Rails: vertical lines running down the far most ends of the page. If they were in a relay logic circuit they would represent the active and zero volt connections of the power supply where the power flow goes from the left hand side to the right hand side.
Rungs: horizontal lines that connect the rails to the logic expressions. If they were in a relay logic circuit they would represent the wires that connect the power supply to the switching and relay components. Each rung is numbered in ascending sequential order.
Inputs: the inputs are external control actions such as a push button being pressed or a limit switch being triggered.
Outputs: the outputs are external devices that being are turned on and off such as an electric motor
Logic Expressions: used in combination with the inputs and outputs to formulate the desired control operations.
Address Notation/Tag Names: the address notation describes the input, output and logic expression memory addressing structure of the PLC. The tag names are the descriptions allocated to the addresses.
Comments: comments are displayed at the start of each rung and are used to describe the logical expressions and control operations that the rung, or groups of rungs, are executing.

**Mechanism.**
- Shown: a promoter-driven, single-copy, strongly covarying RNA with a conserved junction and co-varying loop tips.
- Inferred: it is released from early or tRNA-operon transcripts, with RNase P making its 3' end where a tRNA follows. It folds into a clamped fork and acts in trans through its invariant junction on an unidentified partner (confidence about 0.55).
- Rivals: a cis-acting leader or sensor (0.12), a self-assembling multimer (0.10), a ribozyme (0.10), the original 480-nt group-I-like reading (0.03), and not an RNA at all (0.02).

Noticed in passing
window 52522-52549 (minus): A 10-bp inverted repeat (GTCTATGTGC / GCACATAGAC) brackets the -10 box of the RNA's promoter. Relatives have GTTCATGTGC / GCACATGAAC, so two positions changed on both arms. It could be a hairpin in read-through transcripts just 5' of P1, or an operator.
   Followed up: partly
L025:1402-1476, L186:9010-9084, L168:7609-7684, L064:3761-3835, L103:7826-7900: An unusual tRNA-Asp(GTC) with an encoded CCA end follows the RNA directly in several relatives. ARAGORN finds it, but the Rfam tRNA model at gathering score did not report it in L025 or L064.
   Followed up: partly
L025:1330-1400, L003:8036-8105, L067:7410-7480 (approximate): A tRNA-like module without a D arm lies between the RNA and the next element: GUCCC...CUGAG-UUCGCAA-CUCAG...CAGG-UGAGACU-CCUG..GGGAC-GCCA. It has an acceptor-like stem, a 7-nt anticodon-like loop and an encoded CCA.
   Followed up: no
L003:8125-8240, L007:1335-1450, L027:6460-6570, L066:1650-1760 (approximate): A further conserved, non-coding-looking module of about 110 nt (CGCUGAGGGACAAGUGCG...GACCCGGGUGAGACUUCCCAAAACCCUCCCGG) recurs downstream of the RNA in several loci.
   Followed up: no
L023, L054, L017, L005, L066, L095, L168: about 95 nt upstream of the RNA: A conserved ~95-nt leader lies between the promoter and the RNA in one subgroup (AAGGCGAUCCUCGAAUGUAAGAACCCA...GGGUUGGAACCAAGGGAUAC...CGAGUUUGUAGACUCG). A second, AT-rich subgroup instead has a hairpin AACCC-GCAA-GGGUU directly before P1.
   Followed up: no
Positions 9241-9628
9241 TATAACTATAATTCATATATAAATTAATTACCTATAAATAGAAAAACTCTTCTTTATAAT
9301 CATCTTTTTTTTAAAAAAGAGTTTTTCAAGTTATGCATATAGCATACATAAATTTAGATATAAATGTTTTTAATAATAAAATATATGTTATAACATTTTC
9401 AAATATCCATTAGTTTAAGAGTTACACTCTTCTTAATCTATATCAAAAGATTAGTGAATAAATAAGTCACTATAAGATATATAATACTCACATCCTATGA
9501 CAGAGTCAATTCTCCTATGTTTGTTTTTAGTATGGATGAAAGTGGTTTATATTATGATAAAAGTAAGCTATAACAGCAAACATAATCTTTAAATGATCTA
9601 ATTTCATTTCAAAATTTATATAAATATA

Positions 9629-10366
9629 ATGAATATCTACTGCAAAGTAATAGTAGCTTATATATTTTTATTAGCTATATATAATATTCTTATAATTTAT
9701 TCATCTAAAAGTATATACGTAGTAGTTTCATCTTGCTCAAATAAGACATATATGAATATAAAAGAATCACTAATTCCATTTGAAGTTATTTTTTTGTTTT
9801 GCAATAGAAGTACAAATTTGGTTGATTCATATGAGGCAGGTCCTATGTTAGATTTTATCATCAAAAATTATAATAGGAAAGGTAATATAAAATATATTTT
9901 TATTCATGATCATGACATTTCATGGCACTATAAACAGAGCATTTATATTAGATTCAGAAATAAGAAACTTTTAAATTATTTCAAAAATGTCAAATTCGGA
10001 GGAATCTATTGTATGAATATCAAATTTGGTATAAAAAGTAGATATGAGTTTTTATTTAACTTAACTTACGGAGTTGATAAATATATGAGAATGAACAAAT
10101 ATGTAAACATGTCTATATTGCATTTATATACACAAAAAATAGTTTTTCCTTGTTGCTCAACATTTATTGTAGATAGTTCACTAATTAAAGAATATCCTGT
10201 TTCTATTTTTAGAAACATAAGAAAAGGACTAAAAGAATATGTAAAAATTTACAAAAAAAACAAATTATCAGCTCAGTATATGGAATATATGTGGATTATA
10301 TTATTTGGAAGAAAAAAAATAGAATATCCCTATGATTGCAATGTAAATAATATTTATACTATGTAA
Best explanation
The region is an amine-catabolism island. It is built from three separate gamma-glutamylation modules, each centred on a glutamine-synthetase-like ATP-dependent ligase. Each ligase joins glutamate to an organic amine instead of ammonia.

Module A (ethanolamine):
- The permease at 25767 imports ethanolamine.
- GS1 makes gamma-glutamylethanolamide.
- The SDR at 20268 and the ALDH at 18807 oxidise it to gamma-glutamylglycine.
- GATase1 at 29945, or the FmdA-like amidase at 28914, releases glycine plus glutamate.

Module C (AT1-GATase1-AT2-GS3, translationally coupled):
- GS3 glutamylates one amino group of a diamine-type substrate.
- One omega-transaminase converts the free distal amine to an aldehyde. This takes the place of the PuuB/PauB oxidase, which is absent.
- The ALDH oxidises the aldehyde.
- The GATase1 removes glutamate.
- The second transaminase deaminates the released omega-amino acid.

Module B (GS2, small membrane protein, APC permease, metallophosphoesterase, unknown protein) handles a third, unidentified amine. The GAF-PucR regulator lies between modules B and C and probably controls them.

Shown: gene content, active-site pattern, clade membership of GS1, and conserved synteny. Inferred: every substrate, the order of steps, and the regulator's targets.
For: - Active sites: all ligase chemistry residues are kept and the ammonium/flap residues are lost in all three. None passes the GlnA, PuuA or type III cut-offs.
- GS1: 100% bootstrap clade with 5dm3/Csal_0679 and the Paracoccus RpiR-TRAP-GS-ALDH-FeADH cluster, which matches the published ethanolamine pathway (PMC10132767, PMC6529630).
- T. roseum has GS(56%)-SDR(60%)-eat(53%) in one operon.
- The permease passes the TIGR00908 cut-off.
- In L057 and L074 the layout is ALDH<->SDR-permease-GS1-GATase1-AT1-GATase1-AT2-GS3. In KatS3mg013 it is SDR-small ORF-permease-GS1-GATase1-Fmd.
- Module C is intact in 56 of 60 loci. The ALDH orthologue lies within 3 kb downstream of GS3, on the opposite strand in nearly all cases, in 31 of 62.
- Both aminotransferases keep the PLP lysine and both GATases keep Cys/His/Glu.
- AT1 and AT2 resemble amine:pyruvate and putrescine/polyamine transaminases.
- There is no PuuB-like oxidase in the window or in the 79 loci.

To execute ladder logic, the PLCs central processing unit (CPU) will read the physical units tied to the input and output modules, updating their status in the CPU’s memory. The CPU then works its way down the ladder, executing each rung from left to right. Once the CPU reaches the last rung, it will update the real outputs and then loop back around and start over again.
You Can Master Ladder Logic
Because ladder logic is the most popular programming language used for PLCs, it’s integral to learn if you’re interested in working with them. Ladder programming is a visual language, and because it mimics electrical relay circuits, most people find it easy to learn ladder logic basics.
The Programmable Logic Controllers Technician (PLC) certificate program is uniquely positioned to provide training and educational insights for individuals interested in working with PLCs across industries. Contact us for more details about the program and how you can register.
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Please contact a Program Consultant, toll-free at 1-888-553-5333, to get more information and discuss the PLC program in greater detail.
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Submitted by iris on Thu, 07/07/2022 - 11:44
Yes, our PLC Technician programs cover ladder logic programming. Please contact a Program Consultant, toll-free at 1-888-553-533, to discuss in greater detail.
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The total cost of the PLC or PLC Technician II Certificate Program is $1700. There are two payment options.
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The programs are open enrollment, with no predetermined time limits. That means you can start at your convenience and finish at your own pace.
Contact a Program Consultant, toll-free at 1-888-553-5333, for further assistance.